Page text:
Sean Dyche

 Sean Dyche: huge gamble by Burnley owners

Sean Dyche
Sean Dyche

Burnley's decision to sack manager Sean Dyche after a decade at Turf Moor is a huge gamble that provokes panic by the club's owners.

If the Clarets remain in the Premier League, and are currently four points from safety behind Everton with eight games remaining,

Burnley boss Alan pace and his teammates can congratulate themselves.

If Burnley fell, they would be accused of being guilty of a desperate, misguided move that removed the man who is still arguably the best chance of survival.

Such is the pace of the punt his board colleagues have taken when making a decision that has raised eyebrows even in the world of Premier League management.

Dyche, 50, is highly respected and loved in Burnley and in a town where he has defied financial odds and constraints.

They are currently in their sixth consecutive season in the Premier League, their best performance in 60 years,

and Dyche brought them back to Europe for the first time in 51 years when they finished seventh in 2017-18.

The new owners seem to feel that their financial fortunes are so closed while retaining Premier League status that they have had to act .

The loss to the Canary Islands this season seems to have been a kryptonite for struggling clubs.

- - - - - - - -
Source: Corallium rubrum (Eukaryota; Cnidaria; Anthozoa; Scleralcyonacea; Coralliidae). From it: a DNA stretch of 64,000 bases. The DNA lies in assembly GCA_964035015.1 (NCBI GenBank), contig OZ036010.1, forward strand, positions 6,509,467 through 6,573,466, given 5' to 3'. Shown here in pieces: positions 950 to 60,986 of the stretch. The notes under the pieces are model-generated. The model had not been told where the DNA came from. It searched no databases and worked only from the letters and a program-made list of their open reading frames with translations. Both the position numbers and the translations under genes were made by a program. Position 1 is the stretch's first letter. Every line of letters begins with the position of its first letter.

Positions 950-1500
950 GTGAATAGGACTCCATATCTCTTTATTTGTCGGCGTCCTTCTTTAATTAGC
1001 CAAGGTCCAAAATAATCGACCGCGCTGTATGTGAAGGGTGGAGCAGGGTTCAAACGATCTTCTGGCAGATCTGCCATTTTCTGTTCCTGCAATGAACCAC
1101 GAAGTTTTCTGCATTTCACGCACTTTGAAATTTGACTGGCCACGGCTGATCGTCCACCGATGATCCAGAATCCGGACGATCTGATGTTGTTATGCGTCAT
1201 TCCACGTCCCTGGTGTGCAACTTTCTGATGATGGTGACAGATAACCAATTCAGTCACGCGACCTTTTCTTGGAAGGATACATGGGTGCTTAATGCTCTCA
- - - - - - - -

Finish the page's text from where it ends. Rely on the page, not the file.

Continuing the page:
Just days earlier, however, Dyche showed he could still pull off at least a decisive result compared to his Premier League rivals when they came from behind to beat their nearest relegation rivals Everton 3-2 at Turf Moor.

There was hype that this might have been Dyche's last season at Burnley anyway, and that it was time to move on after almost a decade of getting the club to put on weight, but he certainly deserved the right to make that decision himself.

Dyche's sacking now, so close to the end of the season, hints at fear at Burnley. Only survival will make this seem like a wise move, once again showing the risks that brought the owners of the club to the decision.

Dyche is not supported by a large budget. This is not a criticism just an admission that the club had to live within its means. But this only adds to the volume of work he has done.

The manager , supported by his staff, built a Burnley team that played with limitations but knew how to survive. They were facing a desperate struggle, but it is a very risky call to Turf Moore's hierarchy to believe that they can improve a manager who has been on this path before.

With so few games remaining, the assumption should be that Burnley have a replacement . The most common suspect of all, Sam Allardyce, is already heavily promoted.

Many Burnley supporters depend on the outcome of the move, which is likely to be unpopular with many.

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